Indira vents frustration over cops' failure to locate Ridhuan

Alyaa Azhar

Modified 2 May 2016, 8:39 am

It was only two days ago that kindergarten teacher M Indira Ghandi lodged a police report, expressing her fears that her former husband may flee the country with their child.

Now, it seems that her worst fears may have come true.

Responding to police who have not been able to find Muslim convert Mohd Ridhuan Abdullah @ K Patmanathan, due to his unknown whereabouts, Indira’s anger, therefore, is understandable.

“It’s illogical how police can’t find him, why can’t the police find him?

“The police have just been giving excuses for not detaining him. He (Ridhuan) is Malaysian, holds a Malaysian passport, has an identification card and has been using the same phone number for the past eight years. So, why can’t they find him?” Indira told Malaysiakini.

The mother of three did not mince her words when she said other not-so-fitting characters would have done a better job in locating Ridhuan than the police.

“Everybody is frustrated and angry about this. What will foreigners think about the Malaysian system?

“I can’t even express my anger now. Everybody’s asking me what the police are doing (and) I can’t give an answer,” she said.

Indira also lamented how nobody from the police had contacted her with updates on the matter.

“No, nothing at all,” she said when asked whether police had contacted her.

Ipoh police chief Sum Chang Keong was reported as saying that police had checked all known addresses of Ridhuan and his officers have also asked Ridhuan’s family members and friends of his whereabouts, but to no avail.

Lawyer is also shocked

Indira’s lawyer M Kulasegaran, who is also the MP for Ipoh Barat, also expressed shock that the police have not been able to locate Ridhuan.

“Ridhuan has been using the same phone number, definitely the service provider can find out.

“Police can also invoke provisions of the Multimedia Act to find out those things. These are within their province to do so.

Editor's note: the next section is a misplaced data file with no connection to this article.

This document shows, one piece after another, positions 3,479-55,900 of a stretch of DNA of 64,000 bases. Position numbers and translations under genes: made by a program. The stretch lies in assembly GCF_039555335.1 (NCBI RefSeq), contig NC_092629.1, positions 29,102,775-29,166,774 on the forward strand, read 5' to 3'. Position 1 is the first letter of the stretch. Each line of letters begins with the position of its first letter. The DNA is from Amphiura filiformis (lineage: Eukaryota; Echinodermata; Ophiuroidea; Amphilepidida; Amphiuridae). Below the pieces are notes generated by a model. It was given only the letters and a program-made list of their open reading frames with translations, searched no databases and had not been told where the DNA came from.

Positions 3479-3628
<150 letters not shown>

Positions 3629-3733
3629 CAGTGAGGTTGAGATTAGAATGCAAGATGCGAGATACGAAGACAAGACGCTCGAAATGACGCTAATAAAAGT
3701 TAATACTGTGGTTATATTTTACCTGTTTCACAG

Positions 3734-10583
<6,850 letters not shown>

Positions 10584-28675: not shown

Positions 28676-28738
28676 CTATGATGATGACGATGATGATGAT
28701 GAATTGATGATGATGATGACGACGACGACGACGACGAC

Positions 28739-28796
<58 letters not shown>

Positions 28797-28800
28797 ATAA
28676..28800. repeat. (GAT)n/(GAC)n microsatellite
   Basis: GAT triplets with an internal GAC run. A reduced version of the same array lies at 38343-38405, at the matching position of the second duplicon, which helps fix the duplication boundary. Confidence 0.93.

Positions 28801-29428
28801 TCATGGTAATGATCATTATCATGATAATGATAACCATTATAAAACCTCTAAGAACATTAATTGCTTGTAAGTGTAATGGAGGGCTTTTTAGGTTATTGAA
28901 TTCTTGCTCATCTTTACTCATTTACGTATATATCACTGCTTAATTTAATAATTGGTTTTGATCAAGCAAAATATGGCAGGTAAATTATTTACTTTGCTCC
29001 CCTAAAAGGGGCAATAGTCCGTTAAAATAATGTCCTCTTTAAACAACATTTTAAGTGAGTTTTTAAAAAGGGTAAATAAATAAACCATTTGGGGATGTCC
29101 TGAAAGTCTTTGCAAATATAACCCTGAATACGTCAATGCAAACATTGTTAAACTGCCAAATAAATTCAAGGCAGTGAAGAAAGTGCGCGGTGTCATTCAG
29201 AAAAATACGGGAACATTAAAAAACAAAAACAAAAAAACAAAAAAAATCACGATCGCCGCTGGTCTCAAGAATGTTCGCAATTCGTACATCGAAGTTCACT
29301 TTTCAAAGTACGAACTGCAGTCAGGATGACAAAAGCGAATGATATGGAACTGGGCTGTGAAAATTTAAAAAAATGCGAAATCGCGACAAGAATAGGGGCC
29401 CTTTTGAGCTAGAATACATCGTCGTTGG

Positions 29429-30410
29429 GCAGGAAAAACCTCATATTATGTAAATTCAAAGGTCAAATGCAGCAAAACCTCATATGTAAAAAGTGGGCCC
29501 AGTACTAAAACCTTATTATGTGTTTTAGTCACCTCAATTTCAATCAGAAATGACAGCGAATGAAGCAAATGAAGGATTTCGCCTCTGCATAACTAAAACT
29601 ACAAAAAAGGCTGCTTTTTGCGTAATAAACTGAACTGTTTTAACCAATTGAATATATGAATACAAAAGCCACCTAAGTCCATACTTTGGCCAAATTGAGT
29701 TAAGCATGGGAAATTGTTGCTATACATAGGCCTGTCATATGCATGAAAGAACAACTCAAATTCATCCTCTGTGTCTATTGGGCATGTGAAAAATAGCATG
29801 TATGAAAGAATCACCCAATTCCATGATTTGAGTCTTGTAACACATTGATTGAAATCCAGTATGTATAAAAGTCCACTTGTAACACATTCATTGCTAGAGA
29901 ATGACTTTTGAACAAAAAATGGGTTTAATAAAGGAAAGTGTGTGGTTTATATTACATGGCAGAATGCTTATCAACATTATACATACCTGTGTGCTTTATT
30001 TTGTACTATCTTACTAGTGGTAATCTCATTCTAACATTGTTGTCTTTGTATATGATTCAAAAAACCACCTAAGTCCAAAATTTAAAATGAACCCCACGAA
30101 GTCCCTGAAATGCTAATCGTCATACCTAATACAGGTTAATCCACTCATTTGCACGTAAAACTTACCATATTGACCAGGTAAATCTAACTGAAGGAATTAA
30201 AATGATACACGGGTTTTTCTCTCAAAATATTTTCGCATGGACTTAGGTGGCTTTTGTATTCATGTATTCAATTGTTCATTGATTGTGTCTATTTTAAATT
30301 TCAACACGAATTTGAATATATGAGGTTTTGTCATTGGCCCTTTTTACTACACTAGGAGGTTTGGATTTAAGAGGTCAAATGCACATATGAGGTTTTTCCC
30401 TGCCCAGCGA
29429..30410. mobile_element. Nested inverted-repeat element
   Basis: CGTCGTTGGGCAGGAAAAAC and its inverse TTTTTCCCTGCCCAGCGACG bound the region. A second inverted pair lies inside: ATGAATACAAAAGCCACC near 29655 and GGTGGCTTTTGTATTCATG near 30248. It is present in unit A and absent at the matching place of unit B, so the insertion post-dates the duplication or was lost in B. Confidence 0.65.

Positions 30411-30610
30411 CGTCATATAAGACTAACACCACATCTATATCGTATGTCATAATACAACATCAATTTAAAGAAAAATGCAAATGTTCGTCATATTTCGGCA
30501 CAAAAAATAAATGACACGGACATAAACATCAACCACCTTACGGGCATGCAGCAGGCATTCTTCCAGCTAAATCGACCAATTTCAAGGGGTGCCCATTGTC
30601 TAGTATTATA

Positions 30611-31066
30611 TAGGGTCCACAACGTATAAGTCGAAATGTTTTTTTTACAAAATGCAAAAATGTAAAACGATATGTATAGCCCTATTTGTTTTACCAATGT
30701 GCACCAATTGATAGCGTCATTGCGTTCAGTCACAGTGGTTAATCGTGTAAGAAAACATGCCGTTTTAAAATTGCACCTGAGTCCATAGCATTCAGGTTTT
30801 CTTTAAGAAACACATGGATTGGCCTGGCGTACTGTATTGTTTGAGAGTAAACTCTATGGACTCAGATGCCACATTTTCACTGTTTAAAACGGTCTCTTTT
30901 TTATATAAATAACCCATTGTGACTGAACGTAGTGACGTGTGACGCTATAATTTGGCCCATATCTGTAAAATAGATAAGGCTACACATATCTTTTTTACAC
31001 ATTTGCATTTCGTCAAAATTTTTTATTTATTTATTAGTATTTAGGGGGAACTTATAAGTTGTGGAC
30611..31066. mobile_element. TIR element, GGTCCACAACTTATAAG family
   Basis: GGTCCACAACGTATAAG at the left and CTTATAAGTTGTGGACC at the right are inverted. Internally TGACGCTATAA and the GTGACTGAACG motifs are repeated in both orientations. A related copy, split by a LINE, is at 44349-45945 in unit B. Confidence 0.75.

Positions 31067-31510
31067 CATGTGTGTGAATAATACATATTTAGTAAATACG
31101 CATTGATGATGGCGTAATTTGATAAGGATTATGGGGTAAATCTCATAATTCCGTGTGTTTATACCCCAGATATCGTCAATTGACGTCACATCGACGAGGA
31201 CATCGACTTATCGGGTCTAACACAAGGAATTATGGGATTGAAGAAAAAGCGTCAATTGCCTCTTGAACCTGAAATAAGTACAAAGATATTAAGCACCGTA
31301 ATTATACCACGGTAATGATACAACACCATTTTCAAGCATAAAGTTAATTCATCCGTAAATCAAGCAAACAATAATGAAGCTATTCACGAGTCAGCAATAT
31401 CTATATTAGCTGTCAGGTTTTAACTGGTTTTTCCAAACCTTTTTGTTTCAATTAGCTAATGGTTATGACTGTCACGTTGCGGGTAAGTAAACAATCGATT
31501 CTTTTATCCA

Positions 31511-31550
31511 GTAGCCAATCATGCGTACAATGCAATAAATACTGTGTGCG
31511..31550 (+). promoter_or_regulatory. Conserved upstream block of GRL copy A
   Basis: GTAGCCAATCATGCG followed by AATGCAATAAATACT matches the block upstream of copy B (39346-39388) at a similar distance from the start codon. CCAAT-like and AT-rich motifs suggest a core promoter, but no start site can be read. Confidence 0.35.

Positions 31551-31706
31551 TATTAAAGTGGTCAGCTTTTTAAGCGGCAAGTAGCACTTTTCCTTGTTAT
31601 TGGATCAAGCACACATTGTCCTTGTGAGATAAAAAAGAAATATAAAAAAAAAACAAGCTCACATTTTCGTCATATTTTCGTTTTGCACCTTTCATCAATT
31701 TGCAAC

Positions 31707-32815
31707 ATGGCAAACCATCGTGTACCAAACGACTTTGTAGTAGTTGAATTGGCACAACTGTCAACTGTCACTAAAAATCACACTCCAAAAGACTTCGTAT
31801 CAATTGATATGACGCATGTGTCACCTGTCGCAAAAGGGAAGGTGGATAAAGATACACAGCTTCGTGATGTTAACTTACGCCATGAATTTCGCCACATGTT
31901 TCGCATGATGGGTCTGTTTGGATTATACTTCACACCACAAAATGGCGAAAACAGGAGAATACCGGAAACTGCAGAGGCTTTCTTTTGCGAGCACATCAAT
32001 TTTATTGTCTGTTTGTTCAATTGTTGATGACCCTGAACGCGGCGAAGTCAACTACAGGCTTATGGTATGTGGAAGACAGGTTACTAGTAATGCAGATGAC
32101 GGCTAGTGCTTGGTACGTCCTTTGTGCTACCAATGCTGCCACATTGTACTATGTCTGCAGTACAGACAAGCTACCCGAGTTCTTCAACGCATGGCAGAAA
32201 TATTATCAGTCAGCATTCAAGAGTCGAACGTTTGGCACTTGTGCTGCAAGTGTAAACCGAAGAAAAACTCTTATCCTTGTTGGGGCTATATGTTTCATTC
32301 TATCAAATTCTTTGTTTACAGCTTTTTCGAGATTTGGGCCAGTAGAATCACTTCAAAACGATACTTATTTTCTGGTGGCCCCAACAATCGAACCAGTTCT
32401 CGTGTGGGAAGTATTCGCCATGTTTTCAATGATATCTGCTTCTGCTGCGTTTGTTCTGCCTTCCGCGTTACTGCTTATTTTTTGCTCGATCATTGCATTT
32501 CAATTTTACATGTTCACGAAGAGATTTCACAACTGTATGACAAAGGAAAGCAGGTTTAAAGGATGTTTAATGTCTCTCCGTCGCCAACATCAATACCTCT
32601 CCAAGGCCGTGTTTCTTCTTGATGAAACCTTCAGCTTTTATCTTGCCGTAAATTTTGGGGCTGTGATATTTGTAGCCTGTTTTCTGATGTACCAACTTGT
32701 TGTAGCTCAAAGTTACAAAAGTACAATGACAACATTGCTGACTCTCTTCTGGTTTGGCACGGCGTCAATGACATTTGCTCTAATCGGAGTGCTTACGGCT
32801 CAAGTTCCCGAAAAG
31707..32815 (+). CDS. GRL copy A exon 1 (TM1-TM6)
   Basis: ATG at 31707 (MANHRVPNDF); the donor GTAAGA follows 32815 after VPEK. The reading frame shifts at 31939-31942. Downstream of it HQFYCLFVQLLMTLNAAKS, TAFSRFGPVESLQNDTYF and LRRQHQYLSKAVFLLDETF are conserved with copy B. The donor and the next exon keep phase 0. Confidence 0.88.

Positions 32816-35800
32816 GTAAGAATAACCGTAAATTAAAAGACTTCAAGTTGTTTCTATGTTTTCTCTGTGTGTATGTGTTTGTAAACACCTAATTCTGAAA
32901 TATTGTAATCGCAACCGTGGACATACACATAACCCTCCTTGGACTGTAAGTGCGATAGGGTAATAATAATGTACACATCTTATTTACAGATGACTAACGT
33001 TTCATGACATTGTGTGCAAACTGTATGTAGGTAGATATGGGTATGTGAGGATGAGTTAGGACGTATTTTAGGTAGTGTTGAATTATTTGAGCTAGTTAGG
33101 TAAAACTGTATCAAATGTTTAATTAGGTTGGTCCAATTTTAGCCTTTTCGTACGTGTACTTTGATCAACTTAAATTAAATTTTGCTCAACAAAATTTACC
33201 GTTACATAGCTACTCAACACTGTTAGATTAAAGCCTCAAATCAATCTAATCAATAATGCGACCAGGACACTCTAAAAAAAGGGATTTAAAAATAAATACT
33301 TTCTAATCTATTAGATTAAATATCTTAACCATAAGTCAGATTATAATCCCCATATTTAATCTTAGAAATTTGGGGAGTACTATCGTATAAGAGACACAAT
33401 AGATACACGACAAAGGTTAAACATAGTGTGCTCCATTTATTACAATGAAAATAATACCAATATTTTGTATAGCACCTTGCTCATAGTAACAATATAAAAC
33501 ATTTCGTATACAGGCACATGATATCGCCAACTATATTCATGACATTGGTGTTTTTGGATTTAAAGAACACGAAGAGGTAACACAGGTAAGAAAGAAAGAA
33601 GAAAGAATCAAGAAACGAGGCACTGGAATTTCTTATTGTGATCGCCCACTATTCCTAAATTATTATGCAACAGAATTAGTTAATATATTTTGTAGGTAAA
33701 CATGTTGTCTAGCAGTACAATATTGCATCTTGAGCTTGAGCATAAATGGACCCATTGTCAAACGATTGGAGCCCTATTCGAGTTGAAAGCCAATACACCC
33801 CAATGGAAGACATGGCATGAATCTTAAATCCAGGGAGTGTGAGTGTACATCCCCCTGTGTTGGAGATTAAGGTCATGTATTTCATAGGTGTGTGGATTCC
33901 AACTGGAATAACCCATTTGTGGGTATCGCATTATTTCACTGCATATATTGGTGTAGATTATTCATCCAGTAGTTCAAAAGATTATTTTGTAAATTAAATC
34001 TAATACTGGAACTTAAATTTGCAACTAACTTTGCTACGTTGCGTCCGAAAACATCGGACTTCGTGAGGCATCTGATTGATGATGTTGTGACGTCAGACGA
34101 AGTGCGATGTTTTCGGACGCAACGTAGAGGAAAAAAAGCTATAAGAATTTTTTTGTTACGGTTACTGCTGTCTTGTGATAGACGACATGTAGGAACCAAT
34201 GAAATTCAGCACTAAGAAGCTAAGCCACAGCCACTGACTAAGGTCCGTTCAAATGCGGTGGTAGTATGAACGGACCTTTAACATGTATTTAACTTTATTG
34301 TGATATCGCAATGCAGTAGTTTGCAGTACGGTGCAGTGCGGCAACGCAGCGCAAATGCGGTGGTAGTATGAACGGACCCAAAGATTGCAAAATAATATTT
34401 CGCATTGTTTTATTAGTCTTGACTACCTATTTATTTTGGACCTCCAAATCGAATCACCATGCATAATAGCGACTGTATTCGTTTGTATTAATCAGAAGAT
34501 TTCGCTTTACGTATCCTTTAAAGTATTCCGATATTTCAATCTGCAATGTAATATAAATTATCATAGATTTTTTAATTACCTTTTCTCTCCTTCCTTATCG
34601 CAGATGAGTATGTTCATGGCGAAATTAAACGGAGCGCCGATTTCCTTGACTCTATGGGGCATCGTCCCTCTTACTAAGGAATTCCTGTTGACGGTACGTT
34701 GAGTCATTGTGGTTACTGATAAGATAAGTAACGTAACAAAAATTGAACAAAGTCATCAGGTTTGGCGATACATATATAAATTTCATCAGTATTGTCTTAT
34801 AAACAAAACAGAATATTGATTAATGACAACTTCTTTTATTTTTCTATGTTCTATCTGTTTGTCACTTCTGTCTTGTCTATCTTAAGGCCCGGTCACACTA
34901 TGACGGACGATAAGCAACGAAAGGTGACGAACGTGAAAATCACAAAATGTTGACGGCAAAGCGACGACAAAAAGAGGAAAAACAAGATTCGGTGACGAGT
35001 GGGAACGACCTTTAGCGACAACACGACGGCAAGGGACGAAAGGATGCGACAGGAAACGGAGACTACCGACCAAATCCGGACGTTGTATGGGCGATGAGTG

“And he’s a fugitive now. So why are the police asking others for help, since it’s not a new case and (it’s not) that (they) can’t get him at all?” Kulasegaran pointed out.

This is also the reason why Indira’s legal team had asked for the recovery order, asking that the Health Ministry divulge details on Indira and Ridhuan’s eight-year-old daughter’s inoculations.

“The Health Ministry will have all these basic records. I’m surprised that the situation is looking wishy-washy, neither going here nor there,” Kulasegaran (photo) added.

The lawyer also cited how Ridhuan had never stated his address in the affidavits he filed with the High Court in Ipoh, the Court of Appeal as well as with the Federal Court and had instead given his lawyer’s address.

And this, said Kulasegaran, had shown had Ridhuan never wanted to be traced.

Indira’s legal team is therefore considering taking legal action against the parties responsible for delaying action to be taken against Ridhuan.

“That has been seriously considered by the legal team. Civil remedy is still open and we will see what can be done,” Kulasegaran said.

The Federal Court last week ordered inspector-general of police Khalid Abu Bakar to arrest Ridhuan, after having found the committal order against him issued by the High Court to be justified as he had failed to bring his child, Prasana Diksa, to the jurisdiction of the court.

Prasana Diksa was 11 months old when Ridhuan, took her away. Indira has not seen her daughter in the eight years since then.

Her two other children, now aged 18 and 19, are currently staying with her.

Indira is currently locked in a bitter custody battle with Ridhuan, who wants to take all three children away from her, claiming that he fears for their faith, since he had converted all of them to Islam following his own conversion.